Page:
Various drugs have also been approved for treatment of HIV infection such as zidovudine which interfere with the virus's nucleotide sequencing. While these were felt to be very promising in the earlier stages, development of resistance to them has caused a considerable amount of disappointment and frustration.
A variety of other approaches have been postulated. Professor Jonas Salk, in his commentary in Nature noted that as the disease progresses, titres of antibodies to gp41 and virus neutralizing antibody remain constant but the level of anti-p24 antibody which correlates with the presence of antibody dependent cell cytotoxicity (ADCC) and antibody to reverse transcriptase decline. He proposed treatment of symptomatic HIV infected patients with sera from asymptomatic HIV infected patients. He further hypothesized that HIV immunogens given to HIV infected patients would be protective. (Salk J; Prospects for the control of AIDS by immunizing seropositive individuals. Nature 327:473-476, 1987)
Live-attenuated viruses and dead virions have been hypothesized but no researcher has yet tried these either for prevention or treatment of HIV infection in humans in a meaningful manner.
SIV (Simian Immunodeficiency Virus) is a primate lentivirus with various strains that affect African green monkeys, macaque monkeys, sooty-mangabee monkeys, rhesus monkeys and chimpanzees. SIV infection in monkeys is widely used to study the physiology and pathology of the primate lentiviruses. A great deal of research has been done by attempting to infect monkeys with artificially created mutants of the SIV to determine their relative infectivity. Many of these studies focused on the role of the nef gene in the physiology of virus life cycle. The nef gene is present in all primate lentiviruses sequenced to-date. The gene consists of an open reading frame beginning within or immediately after the 3′ end of the env gene and overlaps the U3 portion of the 3′ long terminal repeat. The gene was previously named F, 3′-orf or B-orf. It is expressed in vivo as determined by antibodies to the nef gene product in infected individuals. Luria et al have shown that at least some nef gene products block the induction of IL-2 (interleukin 2) mRNA in lymphoid cells triggered by activating agents PMA, PHA and/or antibodies against CD3, TCR or CD2 (Luria S, Chambers I, Berg P; Proc Natl Acad Sci USA 88:5326, 1991). Kestler et al have found rapid reversion of of stop codon point mutations in nef to open forms in vivo, demonstrating selective pressure for open, presumably functional forms of nef. (Kestler H W et al; Cell, 65:651, 1991) It was further shown that nef is necessary for vigorous virus replication in rhesus monkeys, for maintaining normal virus loads and for induction of the disease. Animals inoculated with nef-deletion mutants have remained disease free for at least 3 years while wild-type virus infected animals all developed AIDS and died. It has also been demonstrated that nef deletion increases viral replication but it is postulated that the responses to nef deletion are different in vivo and in vitro. (Gibbs J S and Desrosiers R C in Human Retroviruses, Cullen B R, ed, Oxford University Press, NY, 1993)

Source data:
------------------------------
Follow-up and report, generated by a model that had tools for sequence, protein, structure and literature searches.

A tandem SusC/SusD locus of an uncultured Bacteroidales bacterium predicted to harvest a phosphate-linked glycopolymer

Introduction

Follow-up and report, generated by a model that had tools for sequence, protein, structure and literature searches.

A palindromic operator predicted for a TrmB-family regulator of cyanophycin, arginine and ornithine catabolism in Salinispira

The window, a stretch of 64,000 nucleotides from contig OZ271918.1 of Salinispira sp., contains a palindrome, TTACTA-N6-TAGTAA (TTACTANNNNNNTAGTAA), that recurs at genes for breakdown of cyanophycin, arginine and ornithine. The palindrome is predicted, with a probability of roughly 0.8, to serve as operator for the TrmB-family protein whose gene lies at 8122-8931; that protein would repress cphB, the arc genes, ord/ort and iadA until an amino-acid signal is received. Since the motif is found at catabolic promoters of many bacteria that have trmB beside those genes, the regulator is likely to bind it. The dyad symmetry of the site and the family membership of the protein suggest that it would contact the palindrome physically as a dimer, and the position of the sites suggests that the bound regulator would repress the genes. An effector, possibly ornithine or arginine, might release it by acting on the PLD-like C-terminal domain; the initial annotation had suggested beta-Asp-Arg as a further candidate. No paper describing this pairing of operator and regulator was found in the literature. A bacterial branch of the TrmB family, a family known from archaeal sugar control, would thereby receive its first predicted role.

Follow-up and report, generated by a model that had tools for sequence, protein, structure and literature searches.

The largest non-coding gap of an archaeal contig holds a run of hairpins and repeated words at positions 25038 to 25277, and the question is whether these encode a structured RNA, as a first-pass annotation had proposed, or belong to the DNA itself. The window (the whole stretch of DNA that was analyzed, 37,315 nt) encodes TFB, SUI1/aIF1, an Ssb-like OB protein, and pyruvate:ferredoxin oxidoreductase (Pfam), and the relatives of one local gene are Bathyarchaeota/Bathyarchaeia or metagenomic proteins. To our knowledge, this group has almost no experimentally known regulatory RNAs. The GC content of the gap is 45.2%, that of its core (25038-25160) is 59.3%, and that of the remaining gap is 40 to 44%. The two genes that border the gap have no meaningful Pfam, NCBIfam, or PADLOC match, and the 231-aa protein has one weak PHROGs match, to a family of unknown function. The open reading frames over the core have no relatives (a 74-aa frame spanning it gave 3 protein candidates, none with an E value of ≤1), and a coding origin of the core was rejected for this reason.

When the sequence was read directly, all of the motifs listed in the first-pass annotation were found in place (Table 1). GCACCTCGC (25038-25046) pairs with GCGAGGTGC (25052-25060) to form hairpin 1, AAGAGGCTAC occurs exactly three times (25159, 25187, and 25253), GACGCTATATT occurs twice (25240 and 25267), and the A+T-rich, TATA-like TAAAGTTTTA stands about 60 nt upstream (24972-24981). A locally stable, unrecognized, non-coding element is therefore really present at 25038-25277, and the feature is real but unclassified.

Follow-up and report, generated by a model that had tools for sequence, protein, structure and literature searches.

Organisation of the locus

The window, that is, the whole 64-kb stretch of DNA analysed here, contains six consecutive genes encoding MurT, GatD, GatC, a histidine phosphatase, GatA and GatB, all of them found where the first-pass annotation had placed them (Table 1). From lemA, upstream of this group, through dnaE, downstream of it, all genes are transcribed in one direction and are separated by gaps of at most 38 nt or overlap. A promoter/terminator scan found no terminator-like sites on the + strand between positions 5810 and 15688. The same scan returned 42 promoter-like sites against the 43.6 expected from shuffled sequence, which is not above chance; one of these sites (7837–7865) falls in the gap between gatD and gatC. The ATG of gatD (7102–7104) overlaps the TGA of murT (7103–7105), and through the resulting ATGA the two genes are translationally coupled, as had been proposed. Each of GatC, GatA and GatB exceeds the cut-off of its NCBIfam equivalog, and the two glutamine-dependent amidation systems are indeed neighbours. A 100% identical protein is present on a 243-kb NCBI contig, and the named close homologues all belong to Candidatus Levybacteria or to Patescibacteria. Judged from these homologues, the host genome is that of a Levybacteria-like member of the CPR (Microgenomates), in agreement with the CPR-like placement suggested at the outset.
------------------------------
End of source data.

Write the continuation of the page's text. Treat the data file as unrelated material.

It became the first object of this invention, therefore, to produce an HIV virus clone by utilizing recombinant technology in which a substantial portion of the nef gene is deleted while preserving the remaining open reading frames, particularly tat, pol, gag, env and vpr. It is a further object of this invention to inject patients infected with HIV with this nef deleted recombinant virus and provide a cure by means of one or more of
a) by allowing normal IL2 and IFNγ production in THELPER cells thus activating B lymphocytes and cytotoxic (“killer”) T lymphocytes (CTL) to recognize HIV antigen displaying cells,
b) by continually activating, stimulating and maintaining a cell mediated immune response to wild-type HIV via cytotoxic T Lymphocytes (CTL),
c) and by competing with the wild-type HIV for potential hosts and thus increasing the likelihood of exposure of the wild-type HIV to humoral antibodies to gp120, gp41 and gag proteins.
The second object of this invention is to provide prophylactic immunization in high risk individuals such as commercial sex workers by treatment with the nef deleted mutant virus which is a subject of this invention by providing a line of cytotoxic T lymphocytes with specificity to cells expressing any of the HIV proteins and which would create a semi-permanent memory stems of CTLs lasting a long time. Infection by wild-type HIV would, in these individuals be handled quickly, efficiently and effectively.